Whenever someone purports to make the ultimate of anything, there’s a good chance that nine times out of ten, there will not be anything remotely resembling ultimate about the product. The makers behind “Never Sleep Again” thankfully live up to their promise that “Never Sleep Again” is “The Ultimate Nightmare Documentary” not only because it is undoubtedly one of the best horror movie documentaries ever made, but it surely is the definitive look in to the Nightmare series that is not just the chronicling of the evolution of a bonafide horror icon, but of a studio that began as an independent film studio and worked its way in to becoming a corporate juggernaut that in a sense worked against what filmmaking was originally all for in the first place.
Like many of you who grew up during the eighties, the Ninja Turtles was a big part of my life. It was a fun, kick ass animated series that took the plots as seriously as can be while also squeezing in some hilarity in the process. Michelangelo is the primary source for the comic relief and thankfully in everything I’ve ever seen from the heroes in a half shell, there’s never been an instance where one character was annoying or grating. Now comes the Teenage Mutant Ninja Turtles box set from Warner that not only includes every Ninja Turtle movie ever made, but also arrives with a choice few special prizes the youngens will enjoy. The entire set comes in a fancy DVD case with a cover that resembles a man hole. When opened we get a basic booklet that features separate discs and sadly a bunch of black DVD holders that serve no purpose. Thankfully that one faulty aesthetic is more than made up for when you take in to consideration what you’re getting here.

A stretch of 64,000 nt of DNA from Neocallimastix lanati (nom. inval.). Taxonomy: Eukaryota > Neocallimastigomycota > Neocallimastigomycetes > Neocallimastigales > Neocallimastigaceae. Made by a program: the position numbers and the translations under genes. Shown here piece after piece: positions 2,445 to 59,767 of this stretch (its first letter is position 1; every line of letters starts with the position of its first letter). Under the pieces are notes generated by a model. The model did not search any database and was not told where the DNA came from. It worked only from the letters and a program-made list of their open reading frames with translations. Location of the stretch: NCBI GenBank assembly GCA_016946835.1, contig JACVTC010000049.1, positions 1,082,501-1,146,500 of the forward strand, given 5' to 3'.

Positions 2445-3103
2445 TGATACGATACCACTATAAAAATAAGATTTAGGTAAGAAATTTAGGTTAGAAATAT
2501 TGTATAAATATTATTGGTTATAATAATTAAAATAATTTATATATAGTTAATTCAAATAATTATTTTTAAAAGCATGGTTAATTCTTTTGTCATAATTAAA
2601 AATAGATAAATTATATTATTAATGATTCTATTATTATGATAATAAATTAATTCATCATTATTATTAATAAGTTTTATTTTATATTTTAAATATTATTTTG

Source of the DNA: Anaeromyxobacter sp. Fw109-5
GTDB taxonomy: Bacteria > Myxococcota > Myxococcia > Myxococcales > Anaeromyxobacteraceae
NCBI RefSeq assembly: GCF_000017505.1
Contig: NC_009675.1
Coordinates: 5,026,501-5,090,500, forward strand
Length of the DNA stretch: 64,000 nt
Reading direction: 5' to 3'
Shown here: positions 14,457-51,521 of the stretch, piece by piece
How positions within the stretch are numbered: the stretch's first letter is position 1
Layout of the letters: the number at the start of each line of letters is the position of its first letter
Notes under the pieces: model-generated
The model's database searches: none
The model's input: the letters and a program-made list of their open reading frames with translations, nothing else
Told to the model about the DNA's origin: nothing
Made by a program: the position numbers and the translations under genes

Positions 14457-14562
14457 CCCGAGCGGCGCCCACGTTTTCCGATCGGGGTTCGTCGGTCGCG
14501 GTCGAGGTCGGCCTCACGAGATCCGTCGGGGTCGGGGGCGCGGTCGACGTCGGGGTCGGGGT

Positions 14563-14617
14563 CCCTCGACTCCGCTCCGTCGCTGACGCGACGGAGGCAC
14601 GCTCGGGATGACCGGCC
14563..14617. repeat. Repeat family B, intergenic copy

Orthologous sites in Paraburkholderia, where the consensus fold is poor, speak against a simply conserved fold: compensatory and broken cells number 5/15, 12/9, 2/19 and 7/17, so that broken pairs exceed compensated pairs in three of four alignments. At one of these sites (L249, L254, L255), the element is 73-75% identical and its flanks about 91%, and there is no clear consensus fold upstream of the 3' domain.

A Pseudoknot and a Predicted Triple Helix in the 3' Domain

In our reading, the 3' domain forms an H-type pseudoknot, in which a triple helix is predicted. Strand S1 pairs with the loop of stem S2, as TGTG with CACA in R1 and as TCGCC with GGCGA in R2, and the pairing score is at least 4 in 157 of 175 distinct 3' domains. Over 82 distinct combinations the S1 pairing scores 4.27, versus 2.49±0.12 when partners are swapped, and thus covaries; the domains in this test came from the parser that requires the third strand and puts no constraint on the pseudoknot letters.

This 1985 drama thriller is a gem, and one of my favorite guilty pleasures of all time. In spite of one of the cheesiest one liners in movie history: “Fair’s fair!” and having one of the coolest if goofiest theme songs of all time, somehow “Billie Jean” remains one of my favorite eighties gems. Back before I ever heard of cable television, I’d watch this four times a week on WPIX Television here in the Bronx and my what a classic we thought it was. And it still is, at least to me and a few other people out there. Billie Jean is just like every other girl her age, a wide eyed optimistic beauty whose only desire is to be left alone to have fun with her brother Binx during the summer.
This is the real Transformers movie, the one that helped the craze, a clever toy campaign that evolved into an excellent film, and an average series from Marvel Comics. To many, the film is only good on a kitschy level, but the film still manages to pack a punch as one of the few variations of the mythos that’s pretty violent in its ways. Characters die, robots destroy one another, and there’s a pretty complex plot to it. This film was introduced to me as a child way back before DVD’s ever entered the scene, and it’s still a film that’s rather entertaining and filled with thrills in spite of the animated format. “The Transformers” is not just all about nostalgia.
5. Take on Me
This innovative music video which paved the way for videos from Incubus’ “Drive”, and Shakira’s “Temptation Tango” features a story within a song about a woman who falls in love with a comic character and is sucked into his world where he attempts to save her from villains. This bittersweet video is set to Ah-Ha’s incredible song “Take on Me” and became one of the best music videos ever made as we watch the hero of the comic book battling the villains, racing and falling love with her panel by panel. Watch for the homage to “Altered States” as the lead singer bounces against the walls of the video heroine’s apartment struggling to remain whole as he switches from drawn to human over and over. Still one of the coolest videos to date.